April 14, 2024
Not fake news – satire is helping spread misinformation on social media

The Onion, The Babylon Bee, and the aptly named SatireWire have become notorious for their satirical news stories. Some people may mistake their respective posts on social media for legitimate news, but given the influx of satirical websites – with names like National Report and World News Daily Report – it is becoming increasingly difficult to tell fact from fiction.

A 2020 study conducted by George Pearson, a senior lecturer and research associate in communication at The Ohio State University, and published in the journal New Media & Society, found that users on social media pay less attention to the source of the content they consume. Are. As a result, it has become very common to mistake satire or fiction for real news.

The problem has only gotten worse, especially on X – the social media platform formerly known as Twitter – as it has removed the verification process for news organizations and journalists in favor of a subscription-based system.

“Before social media, the marketplace of ideas often resembled a department store or a mall. Specific magazines or media outlets focused on specific types of stories, and their differences in branding were obvious. For example, if you picked up a Time magazine or a national lampoon At the checkout line, you knew what to expect between each page,” explained Professor Laura Graham, a faculty instructor of business communications at North Carolina Central University.

Graham said that although there is some segmentation in social media, today’s market looks more like a swap meet — with stories or posts. the new York Times And the Babylon bees are next to each other

“There is no difference in production values ​​or format to tell the difference,” he warned. “Satire and news both have their place, and it is not the desire or responsibility of the platform to ensure that readers know the difference. Today’s media market requires its audiences to be more careful consumers.”

The need to believe…even the ridiculous

This is not just an issue of the changing “media market,” but also a sign of the times and our national divide. There is a lot of distrust in many traditional media, so when a satirical post contradicts the mainstream, some people will automatically accept it as fact.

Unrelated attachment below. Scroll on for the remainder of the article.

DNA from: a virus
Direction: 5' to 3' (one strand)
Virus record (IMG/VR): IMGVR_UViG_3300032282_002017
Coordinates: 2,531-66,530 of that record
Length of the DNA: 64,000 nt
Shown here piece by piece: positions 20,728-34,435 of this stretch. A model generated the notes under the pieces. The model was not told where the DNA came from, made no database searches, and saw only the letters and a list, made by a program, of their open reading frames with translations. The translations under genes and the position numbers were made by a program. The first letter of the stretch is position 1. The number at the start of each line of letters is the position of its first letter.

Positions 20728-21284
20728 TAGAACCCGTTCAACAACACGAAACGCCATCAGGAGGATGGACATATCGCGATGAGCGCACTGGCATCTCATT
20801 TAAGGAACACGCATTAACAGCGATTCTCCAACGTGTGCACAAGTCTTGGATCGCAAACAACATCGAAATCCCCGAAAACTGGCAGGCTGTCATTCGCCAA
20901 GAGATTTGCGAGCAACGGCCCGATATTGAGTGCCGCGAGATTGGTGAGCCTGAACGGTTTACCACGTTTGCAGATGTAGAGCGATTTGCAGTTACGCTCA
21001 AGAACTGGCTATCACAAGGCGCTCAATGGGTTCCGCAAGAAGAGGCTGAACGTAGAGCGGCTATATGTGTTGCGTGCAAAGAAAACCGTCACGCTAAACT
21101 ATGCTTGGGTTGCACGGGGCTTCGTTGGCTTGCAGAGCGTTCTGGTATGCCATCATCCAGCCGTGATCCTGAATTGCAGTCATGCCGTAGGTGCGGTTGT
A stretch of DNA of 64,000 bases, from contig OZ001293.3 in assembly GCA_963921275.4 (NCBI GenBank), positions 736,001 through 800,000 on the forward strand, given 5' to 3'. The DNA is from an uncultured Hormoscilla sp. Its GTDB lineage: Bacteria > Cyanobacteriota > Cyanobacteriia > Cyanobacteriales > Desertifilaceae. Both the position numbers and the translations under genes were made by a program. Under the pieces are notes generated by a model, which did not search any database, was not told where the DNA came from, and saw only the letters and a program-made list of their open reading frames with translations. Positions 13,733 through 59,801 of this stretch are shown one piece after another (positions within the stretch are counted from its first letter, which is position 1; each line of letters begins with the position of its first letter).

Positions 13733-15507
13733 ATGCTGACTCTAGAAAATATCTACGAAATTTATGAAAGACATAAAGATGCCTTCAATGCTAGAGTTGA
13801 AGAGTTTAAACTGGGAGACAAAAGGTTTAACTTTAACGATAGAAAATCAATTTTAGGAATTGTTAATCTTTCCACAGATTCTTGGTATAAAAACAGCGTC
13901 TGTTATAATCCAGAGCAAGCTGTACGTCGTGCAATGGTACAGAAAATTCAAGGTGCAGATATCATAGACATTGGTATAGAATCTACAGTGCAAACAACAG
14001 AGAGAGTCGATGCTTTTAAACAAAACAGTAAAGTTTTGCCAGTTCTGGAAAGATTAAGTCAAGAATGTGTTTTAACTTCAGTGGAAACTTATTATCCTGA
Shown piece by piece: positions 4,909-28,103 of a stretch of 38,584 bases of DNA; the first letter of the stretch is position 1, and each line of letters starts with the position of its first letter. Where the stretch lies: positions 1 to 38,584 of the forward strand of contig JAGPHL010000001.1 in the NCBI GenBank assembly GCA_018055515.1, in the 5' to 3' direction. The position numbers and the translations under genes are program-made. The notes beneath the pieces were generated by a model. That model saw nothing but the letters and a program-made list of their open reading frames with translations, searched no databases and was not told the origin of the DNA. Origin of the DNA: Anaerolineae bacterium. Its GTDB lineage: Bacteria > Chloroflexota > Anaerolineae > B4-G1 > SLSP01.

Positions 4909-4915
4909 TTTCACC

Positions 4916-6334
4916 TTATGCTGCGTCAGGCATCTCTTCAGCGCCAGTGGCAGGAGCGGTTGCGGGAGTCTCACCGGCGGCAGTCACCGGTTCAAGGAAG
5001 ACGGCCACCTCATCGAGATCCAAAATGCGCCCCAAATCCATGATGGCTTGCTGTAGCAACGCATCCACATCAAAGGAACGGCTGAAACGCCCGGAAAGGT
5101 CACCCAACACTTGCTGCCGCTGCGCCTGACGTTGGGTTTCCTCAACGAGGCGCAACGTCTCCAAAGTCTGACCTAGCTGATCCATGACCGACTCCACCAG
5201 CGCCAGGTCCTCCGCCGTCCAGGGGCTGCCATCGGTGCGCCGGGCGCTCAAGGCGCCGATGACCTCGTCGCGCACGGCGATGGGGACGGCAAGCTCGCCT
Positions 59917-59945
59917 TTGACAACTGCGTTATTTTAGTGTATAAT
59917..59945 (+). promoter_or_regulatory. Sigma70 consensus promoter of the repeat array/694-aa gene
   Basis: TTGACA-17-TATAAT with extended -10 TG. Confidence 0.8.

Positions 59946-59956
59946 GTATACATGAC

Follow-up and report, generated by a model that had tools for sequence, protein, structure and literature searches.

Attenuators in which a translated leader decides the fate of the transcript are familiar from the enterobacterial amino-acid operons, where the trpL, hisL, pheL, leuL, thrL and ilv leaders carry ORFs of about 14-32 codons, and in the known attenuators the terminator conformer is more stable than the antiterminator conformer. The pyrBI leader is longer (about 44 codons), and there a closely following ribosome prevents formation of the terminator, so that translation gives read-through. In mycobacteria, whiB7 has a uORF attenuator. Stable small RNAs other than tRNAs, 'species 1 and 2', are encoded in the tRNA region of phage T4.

“Many times, people’s desire to believe something is true discourages them from checking out information sources. Confirmation bias is a cognitive bias – how our brains are wired – that makes us seek out those sources and information. “What leads us to believe more easily is what confirms what we already believe,” Graham continued.

Just last week the Duffel Blog—a military-themed satire site—reported that the password for US Cyber ​​Command had gone wrong. Of course, this was not real, yet some people believed it to be true because of their opinion of the American military.

“If someone wants to believe that the government is not careful about its cybersecurity or that the government is less competent, a story about a wrong password will be more credible to that person,” Graham said. “They will be less likely to second-guess the source or information.”

More than just a lack of disclaimers

Although some headlines on satire sites are offensive – others are increasingly credible. It could be argued that this is intentional as a way to increase traffic, as credible headlines can be a good form of clickbait.

But the lack of disclaimers makes it difficult to tell fact from satirical fiction.

“In 1938, ‘The War of the Worlds’ radio broadcast created widespread fear that alien creatures had come to Earth, as listeners tuned in after the disclaimer that the following information was a fictional program for Halloween ,” said Dr. Dustin York, associate professor of communications at Maryville University.

“Social media has fueled this unintentional misinformation with constant headline scrolling but little research,” York asserted. “Now add that social media algorithms prioritize engaging content, which can also mean divisive content, and you have a potential firestorm that forces users to find facts amid purposeful misinformation and parody information.”

truth should matter

Social media users should not become victims of this by believing everything posted on social media. In fact, more efforts should be made to fact check that “shocking” news revelation before sharing it as fact.

Graham suggested, “It is our responsibility as information consumers to ensure that whatever sources and information we see – on any platform – are reliable, relevant and accurate.” “If we as viewers don’t do even the most basic thing to ensure that what we are watching and broadcasting is news rather than satire, we will simply be part of manufactured outrage and content-less noise Today’s marketplace of ideas is disorganized.”

And perhaps a case could also be made that while satire has its place, we could actually use more news sources to do factual reporting and offer a little less commentary. Until that happens, it is likely that divisions will persist and many people will believe stories that support their agenda, even if they seem completely fabricated.

“Even if unintentionally,” York said, “parody news can promote Winston Churchill’s dictum, ‘A lie goes halfway around the world before the truth can find its footing.’”

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